Video analytics refers to the automated ability to use the images captured by a video camera in a proactive manner. Examples would be monitoring the line at a cash register, where customers shop most frequently within your store, or if employees are or are not adhering to safety rules in a manufacturing facility. As the cost for this technology decreases, and the applications and benefits increase, we are seeing cameras in more and more places. They aren’t just for loss-prevention. The following information from videosurveilliance.com explains this tech trend.
What are Video Analytics?
Video analytics software was created to help review the growing hours of surveillance video that a security guard or system manager may never have time to watch – your video surveillance system is only as useful as the incidents you can capture and watch, and video analytics will help you find them.
Using video analytics makes your surveillance system more efficient, reduces the workload on security and management staff, and helps you capture the full value of security by making your IP camera system more intelligent in its work.
Video analytics software for security cameras is available in several forms; installed on your camera, on your NVR, or aTech s a 3rd party software you buy. Each version will do the same thing, however – monitor your videos to search for and alert you to activity.
Video analytics can be used for:
• Motion detection
• Facial recognition & license plate reading
• People counting & dwell time monitoring for retail stores
• Recognizing long lines at checkouts and sending alerts
Video analytics software comes with a wide range of features, making them easy to fit into any surveillance system. Choose from software that supports every system from the smallest system to large multi-campus systems. A variety of leading manufactures create video analytics software.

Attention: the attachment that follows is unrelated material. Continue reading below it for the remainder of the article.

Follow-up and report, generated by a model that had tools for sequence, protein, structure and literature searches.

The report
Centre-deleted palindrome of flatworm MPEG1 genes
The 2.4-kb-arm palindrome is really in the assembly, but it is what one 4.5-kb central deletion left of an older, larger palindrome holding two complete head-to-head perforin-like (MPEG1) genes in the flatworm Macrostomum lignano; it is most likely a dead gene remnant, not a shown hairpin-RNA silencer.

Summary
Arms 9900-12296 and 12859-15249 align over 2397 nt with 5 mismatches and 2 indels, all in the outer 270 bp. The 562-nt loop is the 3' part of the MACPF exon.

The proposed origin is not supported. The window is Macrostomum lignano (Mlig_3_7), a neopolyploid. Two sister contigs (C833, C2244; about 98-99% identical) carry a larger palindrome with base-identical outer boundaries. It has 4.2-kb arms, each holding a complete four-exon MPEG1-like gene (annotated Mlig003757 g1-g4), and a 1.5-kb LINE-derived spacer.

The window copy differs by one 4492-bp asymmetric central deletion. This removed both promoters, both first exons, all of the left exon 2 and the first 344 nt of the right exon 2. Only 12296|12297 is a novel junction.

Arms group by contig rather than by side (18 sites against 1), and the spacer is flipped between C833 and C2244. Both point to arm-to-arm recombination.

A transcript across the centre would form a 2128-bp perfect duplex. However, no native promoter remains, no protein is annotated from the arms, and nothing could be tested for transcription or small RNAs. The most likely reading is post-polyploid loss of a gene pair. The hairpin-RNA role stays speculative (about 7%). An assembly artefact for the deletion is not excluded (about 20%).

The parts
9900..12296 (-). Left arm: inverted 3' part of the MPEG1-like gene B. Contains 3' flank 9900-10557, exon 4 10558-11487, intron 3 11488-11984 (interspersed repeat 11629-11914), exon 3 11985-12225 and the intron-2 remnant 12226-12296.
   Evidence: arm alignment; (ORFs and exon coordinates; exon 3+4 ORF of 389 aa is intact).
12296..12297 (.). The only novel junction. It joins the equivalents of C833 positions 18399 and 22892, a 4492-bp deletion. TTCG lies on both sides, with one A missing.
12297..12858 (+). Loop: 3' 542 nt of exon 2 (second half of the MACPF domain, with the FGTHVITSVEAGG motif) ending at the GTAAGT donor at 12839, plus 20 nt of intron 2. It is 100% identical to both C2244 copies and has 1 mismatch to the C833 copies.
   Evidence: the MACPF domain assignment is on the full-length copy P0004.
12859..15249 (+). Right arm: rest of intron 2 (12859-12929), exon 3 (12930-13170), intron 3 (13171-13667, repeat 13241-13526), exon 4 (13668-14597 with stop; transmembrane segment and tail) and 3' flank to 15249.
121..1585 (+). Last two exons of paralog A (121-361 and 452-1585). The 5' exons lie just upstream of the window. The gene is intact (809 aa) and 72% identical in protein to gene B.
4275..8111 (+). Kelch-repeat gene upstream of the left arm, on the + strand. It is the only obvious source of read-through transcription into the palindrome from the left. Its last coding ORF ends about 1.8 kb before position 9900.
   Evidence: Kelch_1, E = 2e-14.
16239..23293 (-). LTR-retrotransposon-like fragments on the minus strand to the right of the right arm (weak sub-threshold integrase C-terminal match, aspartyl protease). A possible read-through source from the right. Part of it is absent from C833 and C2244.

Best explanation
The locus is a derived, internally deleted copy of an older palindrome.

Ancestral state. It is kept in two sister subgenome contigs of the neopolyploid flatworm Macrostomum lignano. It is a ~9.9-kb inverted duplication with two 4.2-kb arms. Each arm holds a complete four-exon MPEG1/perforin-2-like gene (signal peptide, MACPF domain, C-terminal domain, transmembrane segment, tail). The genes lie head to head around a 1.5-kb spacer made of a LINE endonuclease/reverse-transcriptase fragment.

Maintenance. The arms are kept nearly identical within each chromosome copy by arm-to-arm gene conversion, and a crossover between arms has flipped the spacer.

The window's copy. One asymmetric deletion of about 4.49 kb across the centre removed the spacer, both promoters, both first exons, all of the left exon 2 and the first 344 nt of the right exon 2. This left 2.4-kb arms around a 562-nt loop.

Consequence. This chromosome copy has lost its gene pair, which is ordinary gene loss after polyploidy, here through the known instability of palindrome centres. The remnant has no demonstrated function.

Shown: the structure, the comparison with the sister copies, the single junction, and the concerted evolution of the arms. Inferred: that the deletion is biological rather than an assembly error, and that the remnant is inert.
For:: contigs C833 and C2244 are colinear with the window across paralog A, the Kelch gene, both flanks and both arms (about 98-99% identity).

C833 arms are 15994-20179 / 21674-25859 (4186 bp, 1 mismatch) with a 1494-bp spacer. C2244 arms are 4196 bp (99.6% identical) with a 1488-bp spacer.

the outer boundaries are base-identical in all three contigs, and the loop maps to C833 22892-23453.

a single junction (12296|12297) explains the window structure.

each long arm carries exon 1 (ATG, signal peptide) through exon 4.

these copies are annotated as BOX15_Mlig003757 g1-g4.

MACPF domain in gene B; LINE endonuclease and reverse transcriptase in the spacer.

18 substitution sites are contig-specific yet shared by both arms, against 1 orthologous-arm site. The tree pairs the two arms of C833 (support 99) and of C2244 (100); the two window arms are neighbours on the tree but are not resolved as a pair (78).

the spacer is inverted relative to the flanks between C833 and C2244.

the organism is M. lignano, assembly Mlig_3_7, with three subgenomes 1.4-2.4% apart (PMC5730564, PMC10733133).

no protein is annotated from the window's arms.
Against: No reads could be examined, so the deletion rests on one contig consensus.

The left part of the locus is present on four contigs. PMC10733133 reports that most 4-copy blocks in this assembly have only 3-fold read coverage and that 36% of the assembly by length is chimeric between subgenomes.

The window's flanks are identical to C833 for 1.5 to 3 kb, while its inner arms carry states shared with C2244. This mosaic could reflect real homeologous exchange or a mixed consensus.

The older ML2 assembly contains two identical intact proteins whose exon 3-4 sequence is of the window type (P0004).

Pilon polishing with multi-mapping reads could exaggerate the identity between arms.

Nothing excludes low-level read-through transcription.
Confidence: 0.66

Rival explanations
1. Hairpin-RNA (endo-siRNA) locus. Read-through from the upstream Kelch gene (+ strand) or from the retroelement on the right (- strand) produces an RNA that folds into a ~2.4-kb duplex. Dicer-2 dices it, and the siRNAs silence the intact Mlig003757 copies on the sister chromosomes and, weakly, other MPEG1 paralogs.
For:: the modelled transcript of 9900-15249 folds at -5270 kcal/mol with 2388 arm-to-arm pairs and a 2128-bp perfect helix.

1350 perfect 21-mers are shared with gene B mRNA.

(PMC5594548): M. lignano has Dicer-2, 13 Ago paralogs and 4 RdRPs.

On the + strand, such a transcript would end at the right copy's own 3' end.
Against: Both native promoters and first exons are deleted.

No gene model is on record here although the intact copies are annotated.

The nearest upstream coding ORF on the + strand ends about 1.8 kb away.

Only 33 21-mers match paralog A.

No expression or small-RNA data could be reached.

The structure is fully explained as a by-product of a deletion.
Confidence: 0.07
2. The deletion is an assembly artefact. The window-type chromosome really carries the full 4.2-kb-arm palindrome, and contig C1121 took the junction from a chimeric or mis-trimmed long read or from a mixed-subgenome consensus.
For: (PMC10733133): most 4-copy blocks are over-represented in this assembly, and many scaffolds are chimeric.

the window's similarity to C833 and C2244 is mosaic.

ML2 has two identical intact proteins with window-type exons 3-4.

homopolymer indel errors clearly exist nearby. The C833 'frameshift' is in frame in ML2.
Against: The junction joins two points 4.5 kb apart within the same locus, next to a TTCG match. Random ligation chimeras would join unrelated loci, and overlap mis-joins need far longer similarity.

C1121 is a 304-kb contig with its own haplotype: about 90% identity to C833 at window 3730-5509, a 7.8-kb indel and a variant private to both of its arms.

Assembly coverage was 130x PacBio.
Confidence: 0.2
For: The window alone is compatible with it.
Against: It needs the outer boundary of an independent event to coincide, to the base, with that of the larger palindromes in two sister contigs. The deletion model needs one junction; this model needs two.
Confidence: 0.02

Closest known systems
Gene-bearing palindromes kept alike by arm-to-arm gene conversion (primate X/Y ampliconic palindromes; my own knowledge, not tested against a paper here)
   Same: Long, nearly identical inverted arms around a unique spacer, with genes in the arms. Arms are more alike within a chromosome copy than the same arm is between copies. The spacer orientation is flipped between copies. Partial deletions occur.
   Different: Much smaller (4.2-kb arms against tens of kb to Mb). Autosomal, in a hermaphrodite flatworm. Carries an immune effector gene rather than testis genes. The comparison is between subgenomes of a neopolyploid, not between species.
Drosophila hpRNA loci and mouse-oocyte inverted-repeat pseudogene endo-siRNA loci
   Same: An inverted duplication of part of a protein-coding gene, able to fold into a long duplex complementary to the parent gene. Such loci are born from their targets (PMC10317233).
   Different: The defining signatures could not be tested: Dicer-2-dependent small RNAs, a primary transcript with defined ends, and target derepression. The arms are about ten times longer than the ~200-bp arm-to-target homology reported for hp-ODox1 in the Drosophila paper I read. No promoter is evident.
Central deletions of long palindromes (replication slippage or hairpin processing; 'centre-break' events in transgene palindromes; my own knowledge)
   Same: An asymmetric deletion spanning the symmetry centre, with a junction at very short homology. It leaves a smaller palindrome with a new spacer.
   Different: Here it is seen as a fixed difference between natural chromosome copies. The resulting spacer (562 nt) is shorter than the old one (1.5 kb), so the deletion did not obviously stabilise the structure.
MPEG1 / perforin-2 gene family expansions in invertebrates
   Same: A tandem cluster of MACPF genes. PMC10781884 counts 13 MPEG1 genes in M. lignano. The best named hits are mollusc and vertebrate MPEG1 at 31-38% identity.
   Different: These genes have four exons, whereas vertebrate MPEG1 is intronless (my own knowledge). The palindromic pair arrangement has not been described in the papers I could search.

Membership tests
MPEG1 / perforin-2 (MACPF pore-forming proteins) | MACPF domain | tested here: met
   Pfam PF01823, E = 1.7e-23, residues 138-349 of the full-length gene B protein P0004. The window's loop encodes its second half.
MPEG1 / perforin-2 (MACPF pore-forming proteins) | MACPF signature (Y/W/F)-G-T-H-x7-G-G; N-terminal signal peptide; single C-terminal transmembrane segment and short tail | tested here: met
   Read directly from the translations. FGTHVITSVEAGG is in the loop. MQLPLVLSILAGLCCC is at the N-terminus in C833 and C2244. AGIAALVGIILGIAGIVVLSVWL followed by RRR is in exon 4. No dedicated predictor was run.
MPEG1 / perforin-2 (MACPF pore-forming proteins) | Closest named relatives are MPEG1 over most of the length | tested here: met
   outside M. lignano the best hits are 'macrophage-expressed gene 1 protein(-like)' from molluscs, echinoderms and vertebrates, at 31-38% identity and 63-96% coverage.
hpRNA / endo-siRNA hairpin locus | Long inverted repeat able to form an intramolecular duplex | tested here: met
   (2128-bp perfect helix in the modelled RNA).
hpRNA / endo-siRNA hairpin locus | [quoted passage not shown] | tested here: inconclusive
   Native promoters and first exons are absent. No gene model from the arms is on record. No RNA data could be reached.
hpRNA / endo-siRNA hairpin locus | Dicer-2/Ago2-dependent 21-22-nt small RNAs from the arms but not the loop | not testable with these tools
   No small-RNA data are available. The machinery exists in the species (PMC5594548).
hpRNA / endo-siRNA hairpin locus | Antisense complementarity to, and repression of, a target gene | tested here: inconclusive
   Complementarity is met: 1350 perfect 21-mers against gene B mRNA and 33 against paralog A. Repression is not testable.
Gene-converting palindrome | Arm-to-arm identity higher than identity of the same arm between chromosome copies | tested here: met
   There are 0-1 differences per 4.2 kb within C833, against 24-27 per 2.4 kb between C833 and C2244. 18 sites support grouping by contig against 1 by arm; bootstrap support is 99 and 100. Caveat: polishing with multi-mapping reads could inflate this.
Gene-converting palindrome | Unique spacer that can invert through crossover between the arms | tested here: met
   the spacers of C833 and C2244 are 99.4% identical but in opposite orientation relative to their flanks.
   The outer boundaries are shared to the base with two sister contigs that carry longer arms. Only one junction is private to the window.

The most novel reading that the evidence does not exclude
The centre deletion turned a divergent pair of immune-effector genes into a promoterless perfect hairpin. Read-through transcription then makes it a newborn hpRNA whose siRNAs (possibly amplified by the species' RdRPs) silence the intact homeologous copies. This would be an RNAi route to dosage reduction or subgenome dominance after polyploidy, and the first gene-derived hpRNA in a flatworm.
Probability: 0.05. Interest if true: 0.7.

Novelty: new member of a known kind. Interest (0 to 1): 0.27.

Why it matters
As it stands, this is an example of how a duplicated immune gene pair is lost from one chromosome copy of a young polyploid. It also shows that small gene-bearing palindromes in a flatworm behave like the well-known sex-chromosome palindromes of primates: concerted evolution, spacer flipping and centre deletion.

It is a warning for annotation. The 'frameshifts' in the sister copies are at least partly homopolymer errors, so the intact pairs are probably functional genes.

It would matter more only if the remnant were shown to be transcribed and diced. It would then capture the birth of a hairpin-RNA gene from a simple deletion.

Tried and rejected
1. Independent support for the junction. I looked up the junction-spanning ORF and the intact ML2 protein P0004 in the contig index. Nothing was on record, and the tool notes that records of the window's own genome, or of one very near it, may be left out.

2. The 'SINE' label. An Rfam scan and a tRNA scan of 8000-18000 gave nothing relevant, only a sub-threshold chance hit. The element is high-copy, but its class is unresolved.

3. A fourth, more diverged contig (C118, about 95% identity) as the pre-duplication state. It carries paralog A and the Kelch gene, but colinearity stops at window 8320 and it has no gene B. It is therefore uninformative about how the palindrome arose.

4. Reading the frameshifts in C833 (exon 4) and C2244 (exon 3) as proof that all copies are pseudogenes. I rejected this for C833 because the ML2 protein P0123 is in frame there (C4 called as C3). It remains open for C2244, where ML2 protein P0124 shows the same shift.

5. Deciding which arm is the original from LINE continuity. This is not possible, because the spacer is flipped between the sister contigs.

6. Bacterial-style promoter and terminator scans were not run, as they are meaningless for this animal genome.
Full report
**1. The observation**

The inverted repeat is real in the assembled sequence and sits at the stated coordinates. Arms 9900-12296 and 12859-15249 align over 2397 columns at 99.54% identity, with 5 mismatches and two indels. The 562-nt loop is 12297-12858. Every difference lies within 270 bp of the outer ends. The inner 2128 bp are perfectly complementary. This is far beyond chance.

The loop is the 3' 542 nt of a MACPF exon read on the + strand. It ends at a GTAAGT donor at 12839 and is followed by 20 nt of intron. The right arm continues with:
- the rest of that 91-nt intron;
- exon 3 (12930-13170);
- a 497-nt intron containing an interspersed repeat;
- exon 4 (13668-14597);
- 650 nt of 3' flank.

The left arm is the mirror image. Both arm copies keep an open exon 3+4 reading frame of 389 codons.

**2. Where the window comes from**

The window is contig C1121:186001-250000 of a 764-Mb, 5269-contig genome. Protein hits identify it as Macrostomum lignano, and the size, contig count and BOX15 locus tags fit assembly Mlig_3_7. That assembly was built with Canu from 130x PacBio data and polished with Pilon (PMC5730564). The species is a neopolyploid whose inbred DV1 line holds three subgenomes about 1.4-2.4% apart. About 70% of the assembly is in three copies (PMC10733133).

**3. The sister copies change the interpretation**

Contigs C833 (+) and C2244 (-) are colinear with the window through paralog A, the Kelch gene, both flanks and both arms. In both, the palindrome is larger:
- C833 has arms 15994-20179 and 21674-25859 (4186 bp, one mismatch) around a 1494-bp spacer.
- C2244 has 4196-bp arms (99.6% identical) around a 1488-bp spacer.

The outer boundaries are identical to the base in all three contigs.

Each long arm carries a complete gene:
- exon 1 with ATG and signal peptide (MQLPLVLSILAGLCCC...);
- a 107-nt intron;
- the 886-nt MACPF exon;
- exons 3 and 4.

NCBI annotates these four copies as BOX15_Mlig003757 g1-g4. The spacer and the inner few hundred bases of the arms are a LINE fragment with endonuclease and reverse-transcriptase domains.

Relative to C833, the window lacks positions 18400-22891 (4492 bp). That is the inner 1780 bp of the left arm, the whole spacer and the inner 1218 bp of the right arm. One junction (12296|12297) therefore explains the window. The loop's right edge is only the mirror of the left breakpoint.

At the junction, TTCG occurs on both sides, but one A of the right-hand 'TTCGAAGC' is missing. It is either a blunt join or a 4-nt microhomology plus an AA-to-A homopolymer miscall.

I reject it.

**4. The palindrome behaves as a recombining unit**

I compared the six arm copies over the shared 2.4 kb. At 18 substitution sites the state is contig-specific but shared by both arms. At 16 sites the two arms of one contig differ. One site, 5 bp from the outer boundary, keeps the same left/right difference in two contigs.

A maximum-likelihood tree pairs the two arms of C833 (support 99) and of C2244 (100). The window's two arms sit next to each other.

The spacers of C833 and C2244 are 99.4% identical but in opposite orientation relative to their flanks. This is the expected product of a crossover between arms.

Video analytics for everyone
Video analytics or CCTV software has come a long way over the last few years in terms of capabilities and accessibility. In previous years, analytics were primarily needed and available to large, corporate or government systems, requiring powerful servers to run each application along with high-end infrastructure.
Now, due to maturing analytic engines and the exponential increase in camera and server processing power, analytics can be used by many different kinds of users and run a variety of environments. Analytics can run on the camera (edge) or on a server running multiple video streams or applications.
Choice on the edge
The growing prevalence of analytics on the edge offers systems flexibility and can significantly reduce the cost of the overall solution, as fewer servers are required to run the analytics. Edge base analytics can also lessen system bandwidth demands, as video can be transmitted from the camera only after being prioritized by the analytics.
With IP cameras, analytics present the same types of possibilities, adding in optional applications that build on the camera’s out of the box capabilities. Many premium cameras already possess the processing horsepower and available memory to do this today. It is simply a matter of time for an ecosystem of add-in functionality to become available.
In the analogue age, surveillance devices themselves were used purely as security solutions. Now that IP network, cameras have become so popular and especially because of the edge analytics they offer, the humble camera has become a business intelligence tool.
Analytics can offer such tools as heat mapping and queue monitoring for retail and hospitality, as well as people counting and foot traffic.
The processing power of camera and servers continues to grow exponentially whilst prices are steadily declining. As time passes and the camera’s processing power increases, its capability for hosting an ever-increasing array of analytic functions also increases.
Better decision making
Even with the great strides in improved effectiveness, increased accessibility and cost, the primary function of analytics is still to complement the role system operators, not to eliminate them.
Ultimately, analytics assist operators in making informed decisions by illuminating the unusual from the mundane. As the number of cameras being deployed and monitoring continues to increase. Better analytics can’t help but give the operator more reliable information, which in turn improves response time and effectiveness.
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